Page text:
5. If your bridge doesn’t say something new or add to the song in a powerful way, don’t use it. There are quite a few songs on Open Your Doors that do not have bridges. A bridge didn’t seem to fit Kingdom of Heaven. On Fear Thou Not we kept the bridge instrumental – it serves as more of an interlude. Do not feel like you have to write verse, chorus, verse, chorus, bridge, chorus. Feel free to explore. However, if you feel that the song really needs a bridge, work until you get it right. We wrote 5 bridges for Little Balloon before settling on the right one.
6. Study your favorite songs. What do you like about them? How do they make you feel? Think about the form and structure of those songs. How many notes are in the melodies? How much repetition is used? Obviously you do not want to copy the songs, but its okay to use them as a guide.
We hope this is helpful. Tyler plans to write more of a music theory approach to songwriting within the next week or so. Stay tuned!
Well the theme of July has been “family vacation!” I am not at all complaining. I love my family, and I love Tyler’s too. I am very happy to be a Somers.
We spent a week in TX with my family to celebrate my parents’ 30th wedding anniversary. My parents decided to renew their vows this year. In addition to saying traditional vows they wrote words from their hearts to share with one another and those in attendance. I don’t think there was a dry eye in the house. I’ve only seen my dad cry once – when his dad came to know Jesus. My family is actually from western New York, so my grandpa called my dad to tell him the good news. I remember him talking on the phone to my grandpa, telling him that he loved him, hanging up, and bursting into tears. It was a beautiful moment. My grandpa died shortly after that. It is truly amazing how the Lord works in and through people.
My dad cried again while reading the words he wrote for my mom. It is such a blessing to have parents who still love each other and are in love with one another. I know that their marriage hasn’t always been easy, what marriage is? But they give me hope that with the Lord all things are possible.
My sweet parents:
I was able to spend time with my sister down in Texas too. I am incredibly fortunate to have a sister who is also my best friend. We didn’t grow up fighting or stealing each other’s clothes. We had the same friends.
When I was 16 I spent two weeks of my summer marching with the Mississippi All State band. For those of you who don’t know, I am a band nerd. I LOVE band. Seriously. I spent one week marching in the heat and humidity of the Mississippi delta. I lost 10 lbs at camp because the food was so bad and we marched miles everyday. The next week we traveled to San Antonio, TX to march in a huge 4th of July parade. It rained the entire time we were there, so much that the parade was canceled. Somehow the band leaders managed to find a tiny town outside of San Antonio that was hosting a small parade and they took us there to march and perform our street show. We wore wool uniforms in 100 degree weather. I still remember the band directors walking with us saying, “Just one more!” over and over again. It was never “just one more.”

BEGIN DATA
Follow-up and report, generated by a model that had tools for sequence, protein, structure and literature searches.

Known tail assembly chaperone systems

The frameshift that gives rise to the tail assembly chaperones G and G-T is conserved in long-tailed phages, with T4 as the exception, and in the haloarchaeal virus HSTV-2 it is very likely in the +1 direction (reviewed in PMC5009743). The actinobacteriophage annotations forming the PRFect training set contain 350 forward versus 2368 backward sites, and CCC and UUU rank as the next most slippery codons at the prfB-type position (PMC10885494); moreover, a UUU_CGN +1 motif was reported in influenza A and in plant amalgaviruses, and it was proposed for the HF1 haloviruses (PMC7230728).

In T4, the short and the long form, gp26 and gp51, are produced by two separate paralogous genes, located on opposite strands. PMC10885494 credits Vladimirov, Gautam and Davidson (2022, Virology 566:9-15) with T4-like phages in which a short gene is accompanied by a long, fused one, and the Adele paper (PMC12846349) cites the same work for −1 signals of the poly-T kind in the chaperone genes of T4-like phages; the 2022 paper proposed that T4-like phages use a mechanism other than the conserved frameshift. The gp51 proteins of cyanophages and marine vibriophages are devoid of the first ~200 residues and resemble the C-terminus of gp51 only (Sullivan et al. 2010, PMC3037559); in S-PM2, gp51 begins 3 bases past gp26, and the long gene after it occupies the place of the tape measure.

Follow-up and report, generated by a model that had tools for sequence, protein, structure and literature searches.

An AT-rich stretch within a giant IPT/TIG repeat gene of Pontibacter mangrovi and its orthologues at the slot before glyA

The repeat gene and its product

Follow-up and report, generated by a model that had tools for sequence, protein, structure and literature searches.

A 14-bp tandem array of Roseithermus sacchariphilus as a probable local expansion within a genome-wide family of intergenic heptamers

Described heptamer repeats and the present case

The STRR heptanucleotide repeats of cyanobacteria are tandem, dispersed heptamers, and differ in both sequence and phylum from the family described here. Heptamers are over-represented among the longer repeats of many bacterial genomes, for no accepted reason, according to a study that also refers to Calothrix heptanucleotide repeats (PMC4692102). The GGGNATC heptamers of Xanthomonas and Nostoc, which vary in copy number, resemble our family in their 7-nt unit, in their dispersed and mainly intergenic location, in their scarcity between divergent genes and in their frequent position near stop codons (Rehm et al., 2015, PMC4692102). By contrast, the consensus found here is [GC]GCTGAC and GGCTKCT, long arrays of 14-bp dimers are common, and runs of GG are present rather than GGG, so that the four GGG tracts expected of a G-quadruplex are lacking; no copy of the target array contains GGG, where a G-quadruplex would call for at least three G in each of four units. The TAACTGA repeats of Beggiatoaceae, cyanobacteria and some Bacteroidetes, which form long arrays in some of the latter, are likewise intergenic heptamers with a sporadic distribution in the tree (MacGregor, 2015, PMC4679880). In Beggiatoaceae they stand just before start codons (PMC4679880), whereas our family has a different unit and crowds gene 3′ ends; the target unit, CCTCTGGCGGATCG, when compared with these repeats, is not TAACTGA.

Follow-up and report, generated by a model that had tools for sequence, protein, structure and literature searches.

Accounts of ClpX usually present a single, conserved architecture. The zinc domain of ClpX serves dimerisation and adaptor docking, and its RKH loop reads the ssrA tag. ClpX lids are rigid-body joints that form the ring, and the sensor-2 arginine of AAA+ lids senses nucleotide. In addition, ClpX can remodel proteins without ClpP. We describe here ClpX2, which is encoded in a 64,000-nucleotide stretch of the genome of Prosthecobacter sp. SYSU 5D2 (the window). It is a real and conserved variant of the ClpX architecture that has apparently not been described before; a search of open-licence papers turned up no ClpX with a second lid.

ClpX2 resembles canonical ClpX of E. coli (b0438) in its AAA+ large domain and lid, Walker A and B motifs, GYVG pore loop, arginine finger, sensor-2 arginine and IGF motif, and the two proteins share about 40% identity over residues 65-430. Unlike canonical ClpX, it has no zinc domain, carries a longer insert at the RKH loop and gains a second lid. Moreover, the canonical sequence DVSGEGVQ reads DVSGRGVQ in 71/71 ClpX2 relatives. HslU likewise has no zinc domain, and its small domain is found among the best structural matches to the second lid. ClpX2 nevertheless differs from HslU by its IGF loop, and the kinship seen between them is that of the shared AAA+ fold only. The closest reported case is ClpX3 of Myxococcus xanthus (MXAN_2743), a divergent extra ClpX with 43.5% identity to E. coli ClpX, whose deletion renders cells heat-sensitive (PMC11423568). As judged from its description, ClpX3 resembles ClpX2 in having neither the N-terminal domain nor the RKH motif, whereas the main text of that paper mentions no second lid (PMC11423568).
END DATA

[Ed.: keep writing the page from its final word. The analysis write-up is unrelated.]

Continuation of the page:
I returned from that trip and was scheduled to leave immediately for drum major camp two days later. Karen and I had already spent two weeks apart. We couldn’t stand it. So Karen came to drum major camp too! She wasn’t even a drum major! We spent a week living in a dorm at USM in Hattiesburg, MS, conducting to recorded music during the day, and singing songs with each other at night. Karen is a natural guitar player and has a beautiful voice. Unfortunately she doesn’t really like to sing. For some reason that week she did. We even entered the talent show together and sang Blues Traveler’s “All for You.” We came in 3rd. The boy who won did an interpretive dance (with sticks!) to a Point of Grace song. It was hilarious.
My sister lives in California now, so anytime I get to see her is a good time. I cried for nearly a half hour after she boarded her plane to go home. I didn’t see it coming. I just don’t think sisters are meant to live apart.
My beautiful sister:
Now we are finishing up our vacation with Tyler’s parents in Avalon, NJ. It has been SO fun. For those of you who aren’t familiar with the Jersey Shore, forget everything MTV has told you. Avalon is classy and beautiful. We love it so much that we were married here! The water is warm and the air is perfect this week.
Last night we did experience a bit of the Jersey shore stereotype. We went to Wildwood and walked the boardwalk! I’d never been to Wildwood and Tyler’s parents are selling their beach house, so it’s likely that we won’t have the opportunity to vacation here much anymore. Wildwood was awesome. We got our picture taken in a photo booth and rode this incredible ferris wheel. We were stopped at the top for what felt like 5 whole minutes (it was probably 1 or 2) and I was actually really nervous. The view was beautiful.
The view from the top:
Today is our last day at the beach. Tomorrow we’re headed to Brooklyn to spend some time with Tyler’s brother, his wife, and our 3 nephews. They are ridiculously cute.
I hope you are having a wonderful summer. We start playing shows again in August and are looking forward to seeing many of you out on the road.
I met Tyler in August of 2004 at the University of Delaware. I was 18 and a freshman at the time. I didn’t expect to go to college and meet my husband. I wanted to, but I didn’t expect it. I certainly didn’t think it would happen a few days after moving into my dorm room.